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Alonso defeats Mancini and Ohtani to win his second HR Derby title in a row.

On a night of record long balls in the thin Rocky Mountain air of Coors Field, Pete Alonso danced to his second straight Home Run Derby victory, defeating Shohei Ohtani, Trey Mancini, and Juan Soto.

AP Baseball Writer RONALD BLUM

DENVER, Colo. (AP) — On a night of record long balls in the thin Rocky Mountain air of Coors Field, Pete Alonso danced to his second straight Home Run Derby victory, defeating Shohei Ohtani, Trey Mancini, and Juan Soto.
He beat Mancini 23-22 in the final round Monday, joining Ken Griffey Jr. (1998-99) and Yoenis Céspedes (2013-14) as the only players to win consecutive World Series titles.

 

Alonso, who was batting second, trailed 22-17 after the first two minutes of the final round, but then smashed six home runs in the first 28 seconds of his final minute.

As the longball tournament returned after a one-year hiatus caused by the coronavirus pandemic, Mancini, who returned this season following cancer treatment, was the sentimental favorite, while Alonso was the most excited of the eight sluggers.
Alonso was a human bobblehead in the batter’s box, nodding on the beat as he stepped out and danced, with custom bats in the Mets’ royal blue and orange, as well as matching shoes and batting gloves. During a timeout, he moved with his arms to rouse the crowd.

New York’s 26-year-old first baseman has a chance to join Griffey as the only three-time winner, having also won in 1994.

Alonso blasted 35 home runs in the first round, seven more than Josh Hamilton did in 2008 at the old Yankee Stadium, and surpassed Kansas City’s Salvador Pérez with 27. In the second round, Alonso, hitting second, defeated Soto 16-15. The longest drive of the night went 514 feet for Alonso.

On Monday, July 12, 2021, in Denver, National League’s Pete Alonso of the New York Mets reacts during the second round of the MLB All-Star baseball Home Run Derby.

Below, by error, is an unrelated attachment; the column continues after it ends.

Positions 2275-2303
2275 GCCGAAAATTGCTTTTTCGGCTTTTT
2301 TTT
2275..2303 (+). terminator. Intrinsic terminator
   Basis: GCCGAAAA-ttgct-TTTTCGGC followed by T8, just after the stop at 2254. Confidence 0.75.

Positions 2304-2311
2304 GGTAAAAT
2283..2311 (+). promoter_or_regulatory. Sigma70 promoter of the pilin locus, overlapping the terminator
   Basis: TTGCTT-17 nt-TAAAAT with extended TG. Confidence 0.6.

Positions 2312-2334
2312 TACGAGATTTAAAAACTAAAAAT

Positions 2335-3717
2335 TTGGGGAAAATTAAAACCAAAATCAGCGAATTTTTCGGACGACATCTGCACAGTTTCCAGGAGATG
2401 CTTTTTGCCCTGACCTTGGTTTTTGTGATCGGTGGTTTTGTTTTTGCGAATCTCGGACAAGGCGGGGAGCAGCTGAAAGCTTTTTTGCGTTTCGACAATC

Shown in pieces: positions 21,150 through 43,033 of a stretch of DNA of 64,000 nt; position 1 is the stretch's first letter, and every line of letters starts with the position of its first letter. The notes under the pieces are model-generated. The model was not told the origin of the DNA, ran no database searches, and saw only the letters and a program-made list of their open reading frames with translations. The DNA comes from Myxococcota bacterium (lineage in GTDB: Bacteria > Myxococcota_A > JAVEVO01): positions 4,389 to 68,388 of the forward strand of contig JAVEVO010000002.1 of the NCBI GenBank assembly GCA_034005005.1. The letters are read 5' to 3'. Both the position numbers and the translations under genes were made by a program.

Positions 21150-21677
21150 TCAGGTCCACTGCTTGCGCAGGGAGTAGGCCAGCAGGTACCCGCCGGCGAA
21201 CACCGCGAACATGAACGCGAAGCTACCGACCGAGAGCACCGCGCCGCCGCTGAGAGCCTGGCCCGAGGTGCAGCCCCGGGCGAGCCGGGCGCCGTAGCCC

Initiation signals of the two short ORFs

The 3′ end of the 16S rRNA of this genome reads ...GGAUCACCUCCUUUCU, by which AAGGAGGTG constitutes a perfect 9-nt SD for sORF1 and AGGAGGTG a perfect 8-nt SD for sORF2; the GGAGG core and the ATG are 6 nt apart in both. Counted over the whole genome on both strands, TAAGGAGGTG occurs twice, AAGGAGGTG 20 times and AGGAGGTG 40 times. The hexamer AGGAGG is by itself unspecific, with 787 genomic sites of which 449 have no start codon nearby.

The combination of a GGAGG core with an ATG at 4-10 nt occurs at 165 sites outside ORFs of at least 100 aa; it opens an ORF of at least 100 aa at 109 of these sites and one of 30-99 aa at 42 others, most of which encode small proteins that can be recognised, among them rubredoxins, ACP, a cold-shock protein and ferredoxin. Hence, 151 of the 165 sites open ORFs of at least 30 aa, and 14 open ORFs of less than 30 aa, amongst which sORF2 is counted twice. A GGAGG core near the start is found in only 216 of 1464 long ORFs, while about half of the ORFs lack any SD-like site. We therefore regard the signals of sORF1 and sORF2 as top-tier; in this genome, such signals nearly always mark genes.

Mancini missed the 2020 season while getting treatment for stage 3 colon cancer at Johns Hopkins Hospital, which he completed on Sept. 21. Before the All-Star break, the 29-year-old Baltimore Orioles’ first baseman hit.256 with 16 home runs and 55 RBIs. Dr. Nilo Azad, his oncologist, threw out the ceremonial first pitch at Camden Yards on Friday night before the Orioles faced the Chicago White Sox.

Soto wowed the 49,048-strong audience with a 520-foot home run, the longest in the Statcast era, surpassing Aaron Judge of the New York Yankees’ 513-foot shot in Miami in 2017. Sammy Sosa of the Chicago Cubs was claimed to have hit one 524 feet in Milwaukee in 2002, clearing Bernie Brewer’s slide, before Statcast.

Ohtani, the Los Angeles Angels superstar who was scheduled to start on the mound and hit leadoff as the American League’s designated hitter in the All-Star Game, got off to a sluggish start but forced two rounds of tiebreakers with Soto before losing 31-28 in the second round.

After regulation, they were tied 22-22, and after the first tiebreaker, they were tied 28-28. On the next tiebreak, Soto homered on all three of his swings, while Ohtani grounded out on his first swing.

Mancini defeated Oakland’s Matt Olson in the opening round, 24-23, with a deep foul on his final stroke.

Olson described him as a “nice man.” “To be able to battle as he did and come back and play like he has this year speaks a lot about him, his guts and toughness.”

When Texas’ Joey Gallo popped out on his final swing, Story won 20-19.

“It’s exhausting,” Gallo said, “but it was a lot of fun the first time.”
In the second round, Mancini defeated Story 13-12, hitting second.